The Guardian of London reports that on May 4, BP announced it had commenced the drilling of a relief well to siphon off oil from the leaking wellhead. The story quoted the energy company as estimating that the operation would take “’some three months” as it would have to drill 13,000 feet beneath the seabed through extremely hard rock and under enormous water pressure to reach the well.”
Last year, the Interior Department’s Minerals Management Service gave BP’s drilling operation — the one from which oil is now gushing from the seafloor — a “categorical exclusion” from having to prepare a detailed environmental impact analysis. This news comes care of Juliet Eilperin of the Washington Post. MMS evaluated environmental risks from drilling in the Gulf three times, she says, and in one concluded the most credible big spill would likely total just 4,600 barrels and dissipate within 10 days — before it would likely reach land.
On May 4, Mike Soraghan of Greenwire reported the failure 10 years ago of a blowout preventer — the supposedly failsafe system to keep oil from flowing unchecked from a damaged offshore oil rig. That incident, he noted in his May 4 New York Times piece, “highlighted that the rig, a floating outfit like the now-sunken Deepwater Horizon, did not have a backup system for activating the blow-out preventer.” Federal officials responded by sending out a safety alert ordering offshore drilling companies to have backups, but left it up to those companies to decide what technologies to employ.
A leaked Jan. 14 letter to BP’s president of Alaskan operations from two U.S. congressmen noted a series of close calls the company had experienced in the past 18 months that could have resulted in environmental disasters. In his May 4 story, Abrahm Lustgarten of ProPublica says that in their letter, Rep. Henry Waxman (D-Calif.) and Rep. Bart Stupak (D-Mich), expressed concern that BP’s cost-cutting measures might imperil safety at its facilities.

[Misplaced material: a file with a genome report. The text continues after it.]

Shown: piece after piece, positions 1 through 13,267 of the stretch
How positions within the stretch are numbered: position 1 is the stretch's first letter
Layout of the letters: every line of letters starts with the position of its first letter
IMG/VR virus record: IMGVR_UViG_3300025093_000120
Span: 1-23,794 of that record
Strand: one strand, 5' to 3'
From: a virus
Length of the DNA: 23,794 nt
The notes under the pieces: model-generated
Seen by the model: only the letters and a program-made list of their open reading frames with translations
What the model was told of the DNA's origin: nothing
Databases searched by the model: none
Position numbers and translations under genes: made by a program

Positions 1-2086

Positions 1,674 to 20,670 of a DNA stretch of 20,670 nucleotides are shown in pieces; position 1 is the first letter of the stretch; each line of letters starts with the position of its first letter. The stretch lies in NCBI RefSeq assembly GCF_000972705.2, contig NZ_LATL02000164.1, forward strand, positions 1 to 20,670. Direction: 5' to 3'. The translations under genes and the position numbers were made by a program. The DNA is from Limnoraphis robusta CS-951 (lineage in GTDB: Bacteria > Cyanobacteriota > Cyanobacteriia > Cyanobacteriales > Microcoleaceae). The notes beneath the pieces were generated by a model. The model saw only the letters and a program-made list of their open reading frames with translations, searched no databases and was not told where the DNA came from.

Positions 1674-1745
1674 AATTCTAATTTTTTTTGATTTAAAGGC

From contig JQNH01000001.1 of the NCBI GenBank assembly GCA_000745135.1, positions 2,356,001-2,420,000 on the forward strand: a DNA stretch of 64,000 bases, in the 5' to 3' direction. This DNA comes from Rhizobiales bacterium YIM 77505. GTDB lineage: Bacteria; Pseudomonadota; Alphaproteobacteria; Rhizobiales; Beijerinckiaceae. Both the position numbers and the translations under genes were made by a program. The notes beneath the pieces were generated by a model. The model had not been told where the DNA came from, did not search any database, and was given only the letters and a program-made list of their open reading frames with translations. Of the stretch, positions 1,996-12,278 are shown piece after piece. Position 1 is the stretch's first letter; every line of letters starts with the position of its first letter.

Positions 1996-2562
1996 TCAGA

And for my take on all of this, see: Preventing disastrous offshore spills may require space-program diligence
Associated Press. 2010. Satellite expert says oil reaches Mississippi Delta. Tampa Bay Online (May 5): [Go to]
Broder, J.M., C. Robertson and C. Krass. 2010. Amount of Spill Could Escalate, Company Admits. New York Times (May 4).A1. [Go to]
Eilperin, J. 2010. U.S. Exempted BP Rigs from Impact Analysis: Prior Reviews Concluded That a Large Spill in the Area Was Unlikely. Washington Post (May5):A4. [Go to]
Fausset, R., J. Leovy, and J. Tankersley. 2010. BP Gives Congress Gloomy Outlook on Gulf Oil Spill: In the worst case, the disaster could grow at 12 times the rate of current estimates, BP officials say at a Capitol Hill briefing. Los Angeles Times. (May 5). [Go to]
Fausset, R. 2010. Gulf oil spill: Smallest leak sealed off. Los Angeles Times (May 5). [Go to]
Lustgarten, A. 2010. Congressmen Raised Concerns About BP Safety in Months Before Gulf Spill. ProPublica (May 4). [Go to]
Mowbray, R. 2010. BP attaches shut-off valve, will begin shipping containment structures for Gulf of Mexico oil spill. New Orleans Times-Picayune (May4). [Go to]
Soraghan, M. 2010. Warnings on Backup Systems for Oil Rigs Sounded 10 Years Ago. Greenwire for the New York Times (May 4). [Go to]
Webb, T. 2010. BP Shareholders Challenge Company over Environmental Safety: Coalition of Investors Turn Pressure on Deepwater Drilling after US Oil Rig Disaster (May 4). Guardian. [Go to]